Roy Hibbert's FG% at the rim is very respectable but his Ast% on those shots is probably higher than I'd like to see. This implies that when he is scoring at the basket it's primarily off opportunities created by others and rarely out of straight post ups. This is partially because he doesn't get many chances to work one on one in the low post creating a shot for himself, but also because he has been fairly ineffective when given the opportunity, especially lately. The other issue with Hibbert is how poor his mid-range shooting has been. With percentages hovering near 30% those is really no excuse for him taking those shots. Especially when he's been assisted on just 46.7% of them in the 10-15ft. range. A player of his size and skills isn't creating space on his own from that distance so the fact that's he is making so many unassisted shots from there means he is taking contested jumpers. His percentages are so low right now there is really no excuse for him taking that shot.
The offense, based on a system of passing and movement, hasn't been working for the Pacers lately. The assist numbers reflect some of the problems, which are likely a combination of players not being in the right place, not making the right pass, not taking the right shot and just not making shots. Under and over-utilization of certain players in certain situations is obviously an issue as well.
A lot of people seem to think that Jim O'Brien's system is hopelessly inept and incapable of being successful. I am of a different opinion. It may not be the most effective system out there or make the best use of our talent, but it has worked in the past and was reasonably reliable as recently as November. My problem is that there hasn't been any flexibility or variety worked into the system. Some players are obviously struggling and opponents are making adjustments but the Pacers seem to be running the same sets in the same ways.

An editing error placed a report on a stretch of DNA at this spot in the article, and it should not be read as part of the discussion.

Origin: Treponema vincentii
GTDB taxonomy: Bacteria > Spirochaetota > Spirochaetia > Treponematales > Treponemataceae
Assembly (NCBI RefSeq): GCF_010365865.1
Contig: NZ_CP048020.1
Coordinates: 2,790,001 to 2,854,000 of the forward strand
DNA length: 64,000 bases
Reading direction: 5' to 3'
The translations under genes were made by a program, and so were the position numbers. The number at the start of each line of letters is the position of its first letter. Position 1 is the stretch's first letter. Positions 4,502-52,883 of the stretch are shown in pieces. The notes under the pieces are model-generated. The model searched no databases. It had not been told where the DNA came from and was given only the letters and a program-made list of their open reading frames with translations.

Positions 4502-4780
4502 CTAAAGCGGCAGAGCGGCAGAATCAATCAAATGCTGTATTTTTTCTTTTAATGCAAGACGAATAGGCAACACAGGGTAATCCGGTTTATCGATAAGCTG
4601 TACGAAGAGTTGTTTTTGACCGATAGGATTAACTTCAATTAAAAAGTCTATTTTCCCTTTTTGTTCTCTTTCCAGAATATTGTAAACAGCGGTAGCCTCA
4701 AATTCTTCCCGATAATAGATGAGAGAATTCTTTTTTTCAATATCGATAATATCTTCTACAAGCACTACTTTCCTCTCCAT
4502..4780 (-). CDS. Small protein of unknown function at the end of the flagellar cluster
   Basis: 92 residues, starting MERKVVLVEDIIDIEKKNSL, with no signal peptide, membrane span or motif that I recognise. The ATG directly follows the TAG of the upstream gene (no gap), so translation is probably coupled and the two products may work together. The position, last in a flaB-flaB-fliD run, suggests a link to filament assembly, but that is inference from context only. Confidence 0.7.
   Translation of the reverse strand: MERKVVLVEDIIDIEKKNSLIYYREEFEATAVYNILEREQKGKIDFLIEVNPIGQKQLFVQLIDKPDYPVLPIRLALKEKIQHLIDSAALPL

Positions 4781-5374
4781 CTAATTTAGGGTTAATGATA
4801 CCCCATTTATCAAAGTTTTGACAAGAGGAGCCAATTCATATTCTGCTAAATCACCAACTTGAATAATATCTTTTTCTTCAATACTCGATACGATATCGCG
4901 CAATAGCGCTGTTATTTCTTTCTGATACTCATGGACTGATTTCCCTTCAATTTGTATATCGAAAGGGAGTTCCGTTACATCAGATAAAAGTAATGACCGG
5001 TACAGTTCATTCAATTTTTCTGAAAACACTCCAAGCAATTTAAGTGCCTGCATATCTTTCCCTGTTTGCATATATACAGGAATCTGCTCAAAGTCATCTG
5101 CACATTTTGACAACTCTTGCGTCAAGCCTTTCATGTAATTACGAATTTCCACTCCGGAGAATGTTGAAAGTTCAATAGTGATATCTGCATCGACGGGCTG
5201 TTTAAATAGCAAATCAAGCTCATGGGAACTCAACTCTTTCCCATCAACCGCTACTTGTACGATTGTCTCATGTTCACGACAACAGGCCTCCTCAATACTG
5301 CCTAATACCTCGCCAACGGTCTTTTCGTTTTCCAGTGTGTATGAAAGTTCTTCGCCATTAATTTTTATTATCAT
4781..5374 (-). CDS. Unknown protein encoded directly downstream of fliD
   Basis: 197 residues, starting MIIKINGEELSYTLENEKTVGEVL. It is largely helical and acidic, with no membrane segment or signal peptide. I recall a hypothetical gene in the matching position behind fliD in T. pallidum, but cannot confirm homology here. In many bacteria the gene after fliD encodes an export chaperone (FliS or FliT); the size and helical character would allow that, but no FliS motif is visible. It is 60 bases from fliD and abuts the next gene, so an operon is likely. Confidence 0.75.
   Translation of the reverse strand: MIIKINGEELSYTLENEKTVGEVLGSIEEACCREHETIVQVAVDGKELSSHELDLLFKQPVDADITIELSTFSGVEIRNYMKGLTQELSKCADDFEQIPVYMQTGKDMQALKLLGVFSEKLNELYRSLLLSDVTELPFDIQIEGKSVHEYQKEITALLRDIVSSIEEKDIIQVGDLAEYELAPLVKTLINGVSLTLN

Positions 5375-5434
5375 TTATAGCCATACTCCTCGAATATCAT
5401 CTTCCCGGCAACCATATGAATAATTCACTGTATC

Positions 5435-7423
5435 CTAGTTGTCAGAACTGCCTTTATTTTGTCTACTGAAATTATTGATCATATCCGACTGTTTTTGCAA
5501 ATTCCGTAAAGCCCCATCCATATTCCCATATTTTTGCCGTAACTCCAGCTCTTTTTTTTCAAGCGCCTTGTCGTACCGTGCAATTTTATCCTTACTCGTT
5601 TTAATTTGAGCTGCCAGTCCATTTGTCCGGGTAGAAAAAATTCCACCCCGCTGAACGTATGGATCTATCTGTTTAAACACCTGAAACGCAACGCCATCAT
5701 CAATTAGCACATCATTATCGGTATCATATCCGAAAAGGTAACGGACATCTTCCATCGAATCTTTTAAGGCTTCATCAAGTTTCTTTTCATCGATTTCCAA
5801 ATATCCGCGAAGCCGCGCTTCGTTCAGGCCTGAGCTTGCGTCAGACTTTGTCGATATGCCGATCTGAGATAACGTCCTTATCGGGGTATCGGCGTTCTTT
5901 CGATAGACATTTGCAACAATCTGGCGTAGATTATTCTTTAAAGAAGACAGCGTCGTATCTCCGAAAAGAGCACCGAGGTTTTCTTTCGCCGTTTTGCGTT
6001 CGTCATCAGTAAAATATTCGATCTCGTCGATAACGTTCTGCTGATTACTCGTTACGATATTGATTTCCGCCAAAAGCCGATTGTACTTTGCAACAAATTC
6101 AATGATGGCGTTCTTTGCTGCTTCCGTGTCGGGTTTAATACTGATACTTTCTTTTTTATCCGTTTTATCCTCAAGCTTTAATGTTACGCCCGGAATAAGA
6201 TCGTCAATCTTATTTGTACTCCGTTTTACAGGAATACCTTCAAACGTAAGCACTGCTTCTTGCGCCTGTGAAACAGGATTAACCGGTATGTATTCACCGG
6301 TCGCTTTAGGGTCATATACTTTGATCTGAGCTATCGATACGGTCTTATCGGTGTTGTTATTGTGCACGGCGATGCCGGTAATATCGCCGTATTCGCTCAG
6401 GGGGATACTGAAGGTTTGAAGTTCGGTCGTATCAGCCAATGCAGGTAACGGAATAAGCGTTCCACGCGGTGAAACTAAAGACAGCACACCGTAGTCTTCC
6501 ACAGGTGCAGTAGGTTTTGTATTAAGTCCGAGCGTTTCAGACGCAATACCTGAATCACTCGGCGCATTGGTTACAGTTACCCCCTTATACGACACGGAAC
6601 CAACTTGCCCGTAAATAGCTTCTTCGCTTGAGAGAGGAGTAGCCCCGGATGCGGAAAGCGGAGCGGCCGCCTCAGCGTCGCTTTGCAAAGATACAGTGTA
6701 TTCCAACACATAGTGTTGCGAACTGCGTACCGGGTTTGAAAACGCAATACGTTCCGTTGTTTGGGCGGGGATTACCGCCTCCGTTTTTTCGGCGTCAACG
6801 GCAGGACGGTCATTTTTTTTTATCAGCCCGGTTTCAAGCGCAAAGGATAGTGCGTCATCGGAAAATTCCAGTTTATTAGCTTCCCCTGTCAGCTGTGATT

Like it or not this appears to be the coaching situation and thus offensive system for the rest of the season. It may not get the team to the top of the league, but I don't think completely scrapping it is the way to go either, certainly not mid-season. There must be ways to tweak what they're running or how they're running it to get the Pacers out of this point scoring quagmire. Right . . . ?
Statistical Query of the Week: After two editions we have already run out of questions. I'd love for this feature to continue but need some help from the Cornrows community. If you have a Pacers' related statistical idea you'd like me to look into, send me an email at Levy2725@gmail.com and include Indycornrows somewhere in the subject line.
Rebound Percentage Update:
In the first installment of Stat of the Week we discussed Rebound Percentage and identified it as a season long focus and bellwether statistic for the team. The team's percentages 34 games into the season look like this:
Offensive Rebound Percentage: 23.2% (27th in the NBA)
Defensive Rebound Percentage: 74.7% (12th in the NBA)